Was born in Green county, Pennsylvania, August 15, 1804, and immigrated, with his father's family, to Mifflin township, Richland, now Ashland county, in the spring of 1809. In reaching their wilderness home, they passed through the Indian village of Greentown, and followed a trail to the south part of what is now Mifflin township, and erected a camp cabin of poles about one mile northeast of what is now Charles' mill, near a run subsequently named Zimmer's. They resided in this cabin about fifteen months. In the meantime, the family cleared a few acres and planted corn. It was frosted in July, and much injured. Mr. Copus had moved his family in a cart, with a good yoke of oxen; and also brought two or three milk cows, which fed, during the summer, on sedge grass and pea-vines. In the spring of 1810, he commenced the erection of a more substantial log cabin near a fine spring, about one mile south of his pole cabin, and removed to it during the summer of 1810. The old Greentown trail passed near the spring, and Mr. Copus was often visited by the Greentown Indians, during the spring and summers of 1809-10-11-12. Thomas Armstrong, the chief, and his sons Silas and James, and Tom Lyons, Bill Dowdee, Billy Montour, Abram Williams, and others, frequently came to the cabin, and were quite friendly. James and Silas Armstrong, then boys, often came to the sugar camp and ran races and wrestled with the Copus boys. For over three years the intercourse continued in harmony, and not until after the disgraceful surrender of General Hull at Detroit, in August 1812, were any apprehensions of danger from the Greentown Indians felt. Fears were then entertained that they might be corrupted through British influence, and attack the defenseless settlements along the branches of the Mohican.
As a means of safety the State authorities ordered the removal of the Jerome and Greentown Indians to Piqua, after which, a number of Greentown Indians, who had, prior to that time fled to Upper Sandusky, returned and assassinated the family of Frederick Zimmer and Margaret Ruffner, and, a few days afterward, attacked the cabin of James Copus, father of Wesley, and killed him, and several soldiers near the cabin. Wesley, then nine years old, with the balance of the family, was in the cabin during the assault, and saw his father fall and expire. He retained a vivid recollection of the terrific screams of the savages as they riddled the walls of the cabin with bullets.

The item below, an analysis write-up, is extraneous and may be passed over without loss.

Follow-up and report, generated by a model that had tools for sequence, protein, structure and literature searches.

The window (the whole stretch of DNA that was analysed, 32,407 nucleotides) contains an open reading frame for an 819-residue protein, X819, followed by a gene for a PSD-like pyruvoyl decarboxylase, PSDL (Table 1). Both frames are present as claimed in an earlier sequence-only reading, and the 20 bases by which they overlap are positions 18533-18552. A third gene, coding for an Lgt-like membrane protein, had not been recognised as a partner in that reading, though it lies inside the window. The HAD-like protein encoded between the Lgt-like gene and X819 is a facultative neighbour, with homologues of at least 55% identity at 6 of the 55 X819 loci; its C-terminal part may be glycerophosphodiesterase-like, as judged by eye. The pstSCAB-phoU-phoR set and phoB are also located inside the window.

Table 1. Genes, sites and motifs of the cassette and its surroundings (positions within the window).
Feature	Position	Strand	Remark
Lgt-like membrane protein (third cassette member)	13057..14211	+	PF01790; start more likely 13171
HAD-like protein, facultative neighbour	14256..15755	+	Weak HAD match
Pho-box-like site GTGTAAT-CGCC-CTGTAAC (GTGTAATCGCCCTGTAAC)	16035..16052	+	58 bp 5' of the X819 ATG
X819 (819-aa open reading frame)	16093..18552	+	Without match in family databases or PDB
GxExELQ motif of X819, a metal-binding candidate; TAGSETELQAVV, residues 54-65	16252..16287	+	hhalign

After this tragedy, his mother and children returned to Guernsey County, where they remained until the fall of 1814, when they came back to the old cabin, where, some forty years afterward, Mrs. Copus deceased. At that time the family consisted of Henry, Nancy, Sarah, James, Wesley, Nelson, and Anna.
Wesley Copus continued to reside in the vicinity of the old homestead. For several years his health had been gradually failing. It had been apparent for some time that he could not survive a great while. Having been somewhat exposed to the inclemency of the weather, he was attacked with pneumonia, and expired February 14, 1876.
During his youth his educational advantages were limited, and his entire schooling consisted of about three months; but, by observation, a retentive memory, and good judgement, he had acquired a fund of information, and was a very interesting conversationalist.
He was twice married. His first wife survived only six months. By his second wife he had ten children, six of whom survive-John W., Madison, Eliza J., Sarah, Mary, and Nancy E., all of whom are married.
Mr. Copus was a member of the United Brethren church for thirty-five years. As a citizen, he was industrious, conscientious, and the opponent of all shams and vices. He was buried at the old cemetery near Charles' mill, where many of his kindred sleep. Mr. Copus being enrolled among the pioneers, the obituary committee of the Pioneer and Historical society, of Ashland County, adopted the customary resolutions.
Only two of the James Copus family now survives-Mrs. Sarah Vail, of Mifflin, and Mrs. Anna Whitmer, of Wood County, Ohio.